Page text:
Objective: General guidelines for teaching clinical reasoning have received much attention, despite a paucity of instructional approaches with demonstrated effectiveness. As suggested in a recent experimental study, self-explanation while solving clinical cases may be an effective strategy to foster reasoning in clinical clerks dealing with less familiar cases. However, the mechanisms that mediate this benefit have not been specifically investigated. The aim of this study was to explore the types of knowledge used by students when solving familiar and less familiar clinical cases with self-explanation. Methods: In a previous study, 36 third-year medical students diagnosed familiar and less familiar clinical cases either by engaging in self-explanation or not. Based on an analysis of previously collected data, the present study compared the content of self-explanation protocols generated by seven randomly selected students while solving four familiar and four less familiar cases. In total, 56 verbal protocols (28 familiar and 28 less familiar) were segmented and coded using the following categories: paraphrases, biomedical inferences, clinical inferences, monitoring statements and errors. Results: Students provided more self-explanation segments from less familiar cases (M = 275.29) than from familiar cases (M = 248.71, p = 0.046). They provided significantly more paraphrases (p = 0.001) and made more errors (p = 0.008). A significant interaction was found between familiarity and the type of inferences (biomedical versus clinical, p = 0.016). When self-explaining less familiar cases, students provided significantly more biomedical inferences than familiar cases. Conclusions: Lack of familiarity with a case seems to stimulate medical students to engage in more extensive thinking during self-explanation. Less familiar cases seem to activate students' biomedical knowledge, which in turn helps them to create new links between biomedical and clinical knowledge, and eventually construct a more coherent mental representation of diseases. This may clarify the previously found positive effect that self-explanation has on the diagnosis of unfamiliar cases.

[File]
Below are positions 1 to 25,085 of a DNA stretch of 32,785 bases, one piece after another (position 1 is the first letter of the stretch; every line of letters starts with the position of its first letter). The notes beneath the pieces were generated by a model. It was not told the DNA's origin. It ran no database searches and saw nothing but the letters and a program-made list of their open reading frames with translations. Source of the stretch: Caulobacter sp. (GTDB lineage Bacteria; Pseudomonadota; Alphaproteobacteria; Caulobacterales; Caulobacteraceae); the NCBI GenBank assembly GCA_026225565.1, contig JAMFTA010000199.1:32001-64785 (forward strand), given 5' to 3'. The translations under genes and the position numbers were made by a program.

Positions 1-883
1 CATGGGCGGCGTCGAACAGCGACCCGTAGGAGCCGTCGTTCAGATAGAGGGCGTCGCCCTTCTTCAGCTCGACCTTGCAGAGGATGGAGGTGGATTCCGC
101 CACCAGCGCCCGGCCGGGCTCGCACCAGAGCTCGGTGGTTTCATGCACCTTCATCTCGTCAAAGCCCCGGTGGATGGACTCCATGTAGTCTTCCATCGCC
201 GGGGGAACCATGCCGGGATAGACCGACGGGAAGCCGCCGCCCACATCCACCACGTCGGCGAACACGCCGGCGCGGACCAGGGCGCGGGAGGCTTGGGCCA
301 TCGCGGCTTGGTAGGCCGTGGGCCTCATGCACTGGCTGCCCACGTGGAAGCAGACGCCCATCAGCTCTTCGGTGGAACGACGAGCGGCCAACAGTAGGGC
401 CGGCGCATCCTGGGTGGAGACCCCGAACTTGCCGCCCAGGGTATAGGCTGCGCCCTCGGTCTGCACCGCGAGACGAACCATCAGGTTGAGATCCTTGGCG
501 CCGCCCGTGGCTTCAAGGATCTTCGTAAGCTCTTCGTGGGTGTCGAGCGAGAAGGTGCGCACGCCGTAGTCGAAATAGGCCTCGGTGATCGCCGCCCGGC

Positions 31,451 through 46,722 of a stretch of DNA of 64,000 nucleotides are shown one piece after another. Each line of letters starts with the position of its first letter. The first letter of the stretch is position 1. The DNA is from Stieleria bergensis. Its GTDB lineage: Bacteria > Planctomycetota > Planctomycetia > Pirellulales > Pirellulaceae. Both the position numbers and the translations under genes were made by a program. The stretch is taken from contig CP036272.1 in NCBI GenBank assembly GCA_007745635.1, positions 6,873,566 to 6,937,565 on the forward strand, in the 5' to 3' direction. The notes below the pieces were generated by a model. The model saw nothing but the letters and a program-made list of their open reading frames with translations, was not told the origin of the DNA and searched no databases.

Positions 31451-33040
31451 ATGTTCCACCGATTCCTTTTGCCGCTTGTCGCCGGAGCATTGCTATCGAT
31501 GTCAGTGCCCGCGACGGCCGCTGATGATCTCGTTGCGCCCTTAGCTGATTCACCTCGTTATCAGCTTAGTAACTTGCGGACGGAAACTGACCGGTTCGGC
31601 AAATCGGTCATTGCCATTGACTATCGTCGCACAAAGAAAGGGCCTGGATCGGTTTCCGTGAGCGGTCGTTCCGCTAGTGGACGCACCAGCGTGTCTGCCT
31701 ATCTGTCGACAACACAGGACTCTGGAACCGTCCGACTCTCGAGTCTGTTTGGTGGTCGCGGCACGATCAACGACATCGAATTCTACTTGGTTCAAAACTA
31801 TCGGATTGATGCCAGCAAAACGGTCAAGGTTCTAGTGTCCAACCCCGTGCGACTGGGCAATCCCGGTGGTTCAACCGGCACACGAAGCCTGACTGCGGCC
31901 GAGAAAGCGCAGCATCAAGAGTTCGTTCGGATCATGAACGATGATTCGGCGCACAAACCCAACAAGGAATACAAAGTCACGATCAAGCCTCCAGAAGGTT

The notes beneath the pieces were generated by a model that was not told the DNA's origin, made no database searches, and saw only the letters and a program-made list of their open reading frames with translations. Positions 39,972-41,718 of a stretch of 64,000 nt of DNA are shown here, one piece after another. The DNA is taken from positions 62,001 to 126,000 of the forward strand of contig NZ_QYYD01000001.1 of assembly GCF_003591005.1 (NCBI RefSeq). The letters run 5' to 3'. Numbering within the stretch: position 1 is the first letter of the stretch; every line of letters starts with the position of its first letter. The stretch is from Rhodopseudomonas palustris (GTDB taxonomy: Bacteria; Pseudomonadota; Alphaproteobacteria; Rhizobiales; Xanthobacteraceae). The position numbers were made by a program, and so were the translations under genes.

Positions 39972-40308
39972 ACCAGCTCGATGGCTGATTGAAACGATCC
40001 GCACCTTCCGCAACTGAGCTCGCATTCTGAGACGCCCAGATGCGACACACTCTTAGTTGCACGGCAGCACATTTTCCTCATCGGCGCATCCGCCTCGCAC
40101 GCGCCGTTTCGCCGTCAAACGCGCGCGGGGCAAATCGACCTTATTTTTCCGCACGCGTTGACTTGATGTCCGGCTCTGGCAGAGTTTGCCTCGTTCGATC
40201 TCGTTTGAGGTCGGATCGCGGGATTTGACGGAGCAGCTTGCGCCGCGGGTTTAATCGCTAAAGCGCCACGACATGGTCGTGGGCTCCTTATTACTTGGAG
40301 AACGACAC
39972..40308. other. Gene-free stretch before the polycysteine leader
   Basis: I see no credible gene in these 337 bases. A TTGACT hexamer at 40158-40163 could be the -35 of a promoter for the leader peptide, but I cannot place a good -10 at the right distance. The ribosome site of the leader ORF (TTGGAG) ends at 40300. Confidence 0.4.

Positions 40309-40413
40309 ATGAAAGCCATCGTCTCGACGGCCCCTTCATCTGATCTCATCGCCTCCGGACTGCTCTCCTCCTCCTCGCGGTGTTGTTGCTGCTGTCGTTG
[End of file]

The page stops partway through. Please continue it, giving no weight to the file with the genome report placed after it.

doi.org/10.1111/medu.12253, hdl.handle.net/1765/55549
ERIM Top-Core Articles
Medical Education
Erasmus MC: University Medical Center Rotterdam

Chamberland, M., Mamede, S., St-Onge, C., Rivard, M.-A., Setrakian, J., Lévesque, A., … Rikers, R. (2013). Students' self-explanations while solving unfamiliar cases: The role of biomedical knowledge. Medical Education, 47(11), 1109–1116. doi:10.1111/medu.12253